was amalgamated with the
The Gordon Highlanders was composed by Pipe Major James "Robbie" Robertson (above). Born in Bannffshire on August 23rd, 1886, he began learning pipes at the age of 15 from P/M William Sutherland of Airdrie.
In 1906 he enlisted in the Gordon Highlanders, where he would befriend and come under the influence of the great G. S. McLennan, the greatest Gordon piper of all. G. S. taught Robertson from 1906 to 1913, recommended him for promotion to Lance Corporal in 1912, and oversaw his advancement to Pipe Corporal in 1913.
Just before the Great War, he attended the Military School of Piping at Inverness under John MacDonald of Inverness, where he certainly would have studied piobaireachd, and became the tenth graduate of what would come to be known as the Army School of Piping.
In August 1914 he went with the 1st Battalion of the Gordons to France as part of the British Expeditionary Force. The Gordon Highlanders Pipe Music Collection Volume II (1985) describes his trials and adventures during the war years:
“On August 13th there were eighteen pipers in the Battalion, most of whom had been pupils of G. S., but by 27th August only two had escaped capture or death. Robbie was amongst the former being taken with the majority of the Battalion at Bertry on 27th August, and he was to spend virtually the whole War as a prisoner. He was sent to Sennelager near Paderborn in September 1914 and was court martialled by the Germans on three occasions during his time as a POW for ‘refusing to carry out work of a military nature, i.e. building Zeppelin sheds and, as a Non-Commissioned Officer, inciting men to refuse similar work.” For years afterwards, Robbie, in his inimitable, amusing style, would recount his experiences as a prisoner in charge of liquidizing human excrement prior to its application as a fertilizer on the surrounding German farmland. This typically efficient German approach was frequently sabotaged by the prisoner in charge, which leaves much to the imagination! Indeed, on 17th December, 1915, so difficult had he become to his captors that he was sentenced to one year’s imprisonment. Actually, a large part of this period was spent in solitary confinement and the sentence took one year, ten months to complete. He would not give in. Indeed, such had been his example to others that in February 1920 he was awarded the Meritorious Service Medal in recognition of his valuable services as a prisoner of war.”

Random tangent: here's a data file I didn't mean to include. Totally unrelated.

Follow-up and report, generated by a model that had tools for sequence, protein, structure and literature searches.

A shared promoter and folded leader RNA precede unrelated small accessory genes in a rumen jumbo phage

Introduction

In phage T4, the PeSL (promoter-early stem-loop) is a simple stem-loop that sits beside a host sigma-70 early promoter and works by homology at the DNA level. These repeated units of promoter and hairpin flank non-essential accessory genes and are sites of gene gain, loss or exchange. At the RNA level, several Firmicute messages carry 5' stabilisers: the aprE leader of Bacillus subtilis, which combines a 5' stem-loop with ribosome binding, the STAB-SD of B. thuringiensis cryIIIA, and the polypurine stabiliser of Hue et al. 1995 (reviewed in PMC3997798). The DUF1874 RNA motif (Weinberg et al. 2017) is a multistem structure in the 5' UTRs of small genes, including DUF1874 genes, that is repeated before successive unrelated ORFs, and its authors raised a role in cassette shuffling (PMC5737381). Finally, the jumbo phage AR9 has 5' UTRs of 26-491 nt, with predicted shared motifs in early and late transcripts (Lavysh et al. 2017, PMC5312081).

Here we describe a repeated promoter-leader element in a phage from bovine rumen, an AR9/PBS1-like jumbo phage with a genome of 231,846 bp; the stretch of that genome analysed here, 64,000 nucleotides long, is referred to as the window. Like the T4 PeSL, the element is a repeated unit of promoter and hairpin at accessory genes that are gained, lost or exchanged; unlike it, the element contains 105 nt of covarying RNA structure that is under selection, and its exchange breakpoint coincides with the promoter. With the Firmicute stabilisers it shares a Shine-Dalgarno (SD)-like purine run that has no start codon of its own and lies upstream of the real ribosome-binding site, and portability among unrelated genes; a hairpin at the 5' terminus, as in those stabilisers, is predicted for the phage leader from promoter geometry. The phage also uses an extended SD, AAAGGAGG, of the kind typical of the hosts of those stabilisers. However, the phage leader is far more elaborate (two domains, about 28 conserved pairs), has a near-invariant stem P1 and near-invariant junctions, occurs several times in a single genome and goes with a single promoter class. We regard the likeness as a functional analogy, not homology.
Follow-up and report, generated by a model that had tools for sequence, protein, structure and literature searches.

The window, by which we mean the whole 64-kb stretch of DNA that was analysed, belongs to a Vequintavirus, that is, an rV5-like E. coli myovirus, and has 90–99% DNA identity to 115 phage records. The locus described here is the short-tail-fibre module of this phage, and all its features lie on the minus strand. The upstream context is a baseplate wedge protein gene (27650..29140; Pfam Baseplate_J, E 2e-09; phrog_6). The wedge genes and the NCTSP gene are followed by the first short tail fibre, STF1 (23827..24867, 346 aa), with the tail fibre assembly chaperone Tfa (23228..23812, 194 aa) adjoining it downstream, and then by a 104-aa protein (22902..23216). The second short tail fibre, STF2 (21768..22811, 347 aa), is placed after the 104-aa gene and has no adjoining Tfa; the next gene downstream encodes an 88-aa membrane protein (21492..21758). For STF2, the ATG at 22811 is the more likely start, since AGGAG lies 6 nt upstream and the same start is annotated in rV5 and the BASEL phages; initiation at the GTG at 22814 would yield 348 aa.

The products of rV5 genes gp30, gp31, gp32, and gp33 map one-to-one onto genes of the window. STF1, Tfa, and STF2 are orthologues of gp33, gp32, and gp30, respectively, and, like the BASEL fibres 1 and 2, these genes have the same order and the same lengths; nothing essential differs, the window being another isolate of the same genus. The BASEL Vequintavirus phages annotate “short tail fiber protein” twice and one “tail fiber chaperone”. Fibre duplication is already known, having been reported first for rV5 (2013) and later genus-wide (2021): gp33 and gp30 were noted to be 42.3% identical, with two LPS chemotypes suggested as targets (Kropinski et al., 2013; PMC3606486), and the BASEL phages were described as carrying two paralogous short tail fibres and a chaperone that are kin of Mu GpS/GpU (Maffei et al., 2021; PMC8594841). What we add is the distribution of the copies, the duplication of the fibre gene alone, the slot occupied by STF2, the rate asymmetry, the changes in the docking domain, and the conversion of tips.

In April of 1918 he was exchanged as a prisoner and the next year he rejoined the 1st Battalion in Limerick.
A champion boxer in the regiment as a young man, he was respected as a pipe major, a piper and a soldier, though the war and his foreign service perhaps robbed him of his due as a competitive player.
After serving in Malta and finally at the depot in Aberdeen, he retired in April, 1927 and worked as a janitor at the Banff Academy until 1953. He also served as a Special Constable in Banff, achieving the rank of Sergeant.
During his latter years he taught and judged at games such as Braemar, Aboyne and Lonach in the northeast of Scotland and was a founding member of the Turriff and District Pipe Band.
He died in 1961 and lies in Banff cemetery.